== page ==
BEIJING: China's first SARS patient for six months said he has never had contact with civet cats as concerns mounted yesterday over a mass slaughter of the animals, which are suspected of spreading the disease.
The 32-year-old television producer in southern China's Guangdong province said he did not know how he caught the pneumonia-like illness and had never eaten or touched the animals and had not been to wildlife markets recently.
The patient, identified by his surname Luo, recalled only having thrown a baby mouse out of the window.
My colleague told the doctors about me and the mouse, hoping to help them find the source of my infection, Luo was quoted by Xinhua news agency as saying.
He was declared fully recovered on Tuesday and will be discharged from hospital today, after being hospitalised in late December. He was confirmed as having Severe Acute Respiratory Syndrome on Monday.
His case marks a resurfacing of the disease which broke out in China and caused a global crisis last year, killing about 800 people and infecting around 8,000.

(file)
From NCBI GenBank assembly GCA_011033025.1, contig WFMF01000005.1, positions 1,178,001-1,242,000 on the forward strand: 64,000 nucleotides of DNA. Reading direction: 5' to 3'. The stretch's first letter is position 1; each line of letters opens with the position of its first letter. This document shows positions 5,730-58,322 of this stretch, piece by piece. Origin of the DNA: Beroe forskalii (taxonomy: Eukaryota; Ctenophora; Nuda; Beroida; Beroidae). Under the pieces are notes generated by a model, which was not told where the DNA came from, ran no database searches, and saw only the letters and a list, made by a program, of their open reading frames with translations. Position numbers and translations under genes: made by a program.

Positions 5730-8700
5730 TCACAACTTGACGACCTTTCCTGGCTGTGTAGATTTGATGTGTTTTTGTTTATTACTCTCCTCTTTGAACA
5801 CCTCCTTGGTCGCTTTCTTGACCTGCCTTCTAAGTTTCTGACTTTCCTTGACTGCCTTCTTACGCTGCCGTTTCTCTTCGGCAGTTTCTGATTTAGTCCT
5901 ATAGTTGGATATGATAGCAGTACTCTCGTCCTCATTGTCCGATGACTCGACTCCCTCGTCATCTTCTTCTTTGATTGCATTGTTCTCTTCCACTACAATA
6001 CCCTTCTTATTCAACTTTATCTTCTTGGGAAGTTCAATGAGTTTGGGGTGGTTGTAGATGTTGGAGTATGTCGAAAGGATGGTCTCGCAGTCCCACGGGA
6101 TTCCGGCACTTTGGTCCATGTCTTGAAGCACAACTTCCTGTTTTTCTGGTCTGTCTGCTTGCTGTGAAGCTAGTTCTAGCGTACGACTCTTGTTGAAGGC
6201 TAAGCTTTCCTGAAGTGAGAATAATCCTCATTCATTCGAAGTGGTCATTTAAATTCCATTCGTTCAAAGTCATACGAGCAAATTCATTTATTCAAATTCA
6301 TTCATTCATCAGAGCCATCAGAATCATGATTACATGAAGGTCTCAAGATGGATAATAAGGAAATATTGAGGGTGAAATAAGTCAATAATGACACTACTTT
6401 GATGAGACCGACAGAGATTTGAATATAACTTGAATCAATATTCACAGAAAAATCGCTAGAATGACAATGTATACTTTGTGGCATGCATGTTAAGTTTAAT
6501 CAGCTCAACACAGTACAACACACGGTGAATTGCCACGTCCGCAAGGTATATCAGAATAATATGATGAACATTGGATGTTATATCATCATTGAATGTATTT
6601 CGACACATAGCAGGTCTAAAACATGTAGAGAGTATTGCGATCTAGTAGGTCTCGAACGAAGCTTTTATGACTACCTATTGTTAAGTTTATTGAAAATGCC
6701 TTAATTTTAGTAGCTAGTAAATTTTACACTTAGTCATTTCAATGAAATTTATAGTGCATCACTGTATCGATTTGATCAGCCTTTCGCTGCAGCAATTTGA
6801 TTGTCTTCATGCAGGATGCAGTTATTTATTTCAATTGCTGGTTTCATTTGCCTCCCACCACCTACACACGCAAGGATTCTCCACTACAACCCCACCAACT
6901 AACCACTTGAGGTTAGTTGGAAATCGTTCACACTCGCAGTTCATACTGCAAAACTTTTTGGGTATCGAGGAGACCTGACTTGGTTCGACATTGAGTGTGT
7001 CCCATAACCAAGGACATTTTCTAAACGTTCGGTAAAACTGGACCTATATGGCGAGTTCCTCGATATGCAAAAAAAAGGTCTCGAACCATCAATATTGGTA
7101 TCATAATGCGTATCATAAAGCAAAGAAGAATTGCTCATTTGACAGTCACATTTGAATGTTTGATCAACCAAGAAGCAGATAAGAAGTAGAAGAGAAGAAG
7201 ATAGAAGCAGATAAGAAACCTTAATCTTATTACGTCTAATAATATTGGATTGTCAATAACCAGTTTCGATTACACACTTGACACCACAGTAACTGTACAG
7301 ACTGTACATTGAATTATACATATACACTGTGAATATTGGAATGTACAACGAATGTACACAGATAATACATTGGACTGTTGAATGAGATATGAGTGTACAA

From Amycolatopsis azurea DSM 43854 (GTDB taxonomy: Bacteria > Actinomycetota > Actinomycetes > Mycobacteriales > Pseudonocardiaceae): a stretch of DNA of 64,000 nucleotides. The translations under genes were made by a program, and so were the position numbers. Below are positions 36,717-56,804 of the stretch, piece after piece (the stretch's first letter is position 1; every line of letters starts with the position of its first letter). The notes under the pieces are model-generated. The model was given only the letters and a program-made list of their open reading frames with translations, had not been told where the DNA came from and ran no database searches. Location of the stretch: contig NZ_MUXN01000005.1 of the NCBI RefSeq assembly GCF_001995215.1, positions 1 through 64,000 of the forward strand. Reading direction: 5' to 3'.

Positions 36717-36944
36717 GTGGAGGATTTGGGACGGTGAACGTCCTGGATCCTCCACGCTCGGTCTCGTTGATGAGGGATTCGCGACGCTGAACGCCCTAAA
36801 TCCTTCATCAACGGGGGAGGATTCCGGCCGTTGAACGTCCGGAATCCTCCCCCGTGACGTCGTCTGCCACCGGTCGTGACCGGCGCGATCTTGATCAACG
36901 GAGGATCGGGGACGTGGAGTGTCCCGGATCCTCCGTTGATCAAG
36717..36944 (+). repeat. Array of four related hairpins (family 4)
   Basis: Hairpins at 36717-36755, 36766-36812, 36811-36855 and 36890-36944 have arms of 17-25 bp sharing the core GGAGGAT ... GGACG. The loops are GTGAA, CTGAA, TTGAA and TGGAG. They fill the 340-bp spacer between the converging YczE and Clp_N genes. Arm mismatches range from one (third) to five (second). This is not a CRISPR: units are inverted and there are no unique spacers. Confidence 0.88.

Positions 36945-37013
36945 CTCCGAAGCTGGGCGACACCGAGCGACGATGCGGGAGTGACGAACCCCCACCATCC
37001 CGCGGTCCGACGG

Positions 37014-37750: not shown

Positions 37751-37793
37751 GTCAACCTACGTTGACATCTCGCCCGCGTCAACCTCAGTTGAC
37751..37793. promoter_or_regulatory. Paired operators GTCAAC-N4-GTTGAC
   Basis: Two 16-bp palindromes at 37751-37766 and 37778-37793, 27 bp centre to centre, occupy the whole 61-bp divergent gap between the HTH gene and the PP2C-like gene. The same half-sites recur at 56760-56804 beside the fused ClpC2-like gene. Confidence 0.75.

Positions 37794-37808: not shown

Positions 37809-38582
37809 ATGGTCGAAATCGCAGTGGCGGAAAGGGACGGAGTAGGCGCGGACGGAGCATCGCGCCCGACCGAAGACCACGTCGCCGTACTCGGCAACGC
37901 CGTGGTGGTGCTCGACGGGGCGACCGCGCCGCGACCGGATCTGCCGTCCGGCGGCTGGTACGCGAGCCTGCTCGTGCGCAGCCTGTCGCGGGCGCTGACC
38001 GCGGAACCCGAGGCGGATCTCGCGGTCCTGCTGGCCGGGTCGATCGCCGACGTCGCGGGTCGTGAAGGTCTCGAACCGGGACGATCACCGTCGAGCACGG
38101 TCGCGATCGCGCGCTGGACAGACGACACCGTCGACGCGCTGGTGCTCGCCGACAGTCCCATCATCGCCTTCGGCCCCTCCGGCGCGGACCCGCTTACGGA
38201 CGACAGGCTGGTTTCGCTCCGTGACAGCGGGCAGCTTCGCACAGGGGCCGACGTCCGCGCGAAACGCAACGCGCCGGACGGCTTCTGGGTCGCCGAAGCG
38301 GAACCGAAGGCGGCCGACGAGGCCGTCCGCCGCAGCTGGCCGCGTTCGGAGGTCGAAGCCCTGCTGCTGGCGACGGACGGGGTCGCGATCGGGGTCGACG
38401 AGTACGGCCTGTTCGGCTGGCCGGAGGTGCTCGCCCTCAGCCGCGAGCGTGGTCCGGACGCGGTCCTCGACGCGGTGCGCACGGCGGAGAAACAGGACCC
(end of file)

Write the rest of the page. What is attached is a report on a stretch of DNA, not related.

Yesterday, Guangdong continued its campaign to eradicate the weasel-like civets, confiscating them from farms, markets and restaurants after mainland and Hong Kong scientists found the animals, bred and sold as a culinary delicacy, had a similar coronavirus as Luo's SARS virus.
So far, 2,443 animals have been drowned in disinfectant or liquefied in pressurized pots, the Xinkuaibao newspaper said Wednesday.
Guangzhou, Guangdong's capital, has even killed the three civets in its zoo.
Overseas experts said the cull was premature and may even be targeting an innocent animal.
Numerous other species, ranging from rats to domestic cats, can carry the SARS virus and no-one knows if any of them can transmit the virus to humans or whether these animals were infected by humans instead, they said.
Meanwhile, a woman hospitalised in the Philippines for suspected SARS has been declared free of the disease.
The Health Ministry immediately lifted a quarantine on around 50 people who had been in contact with the 42-year-old Hong Kong-based Filinipa maid, identified only by the code-name MD, who fell ill during a Christmas vacation.
The World Health Organisation also confirmed the woman was not suffering from SARS. AFP
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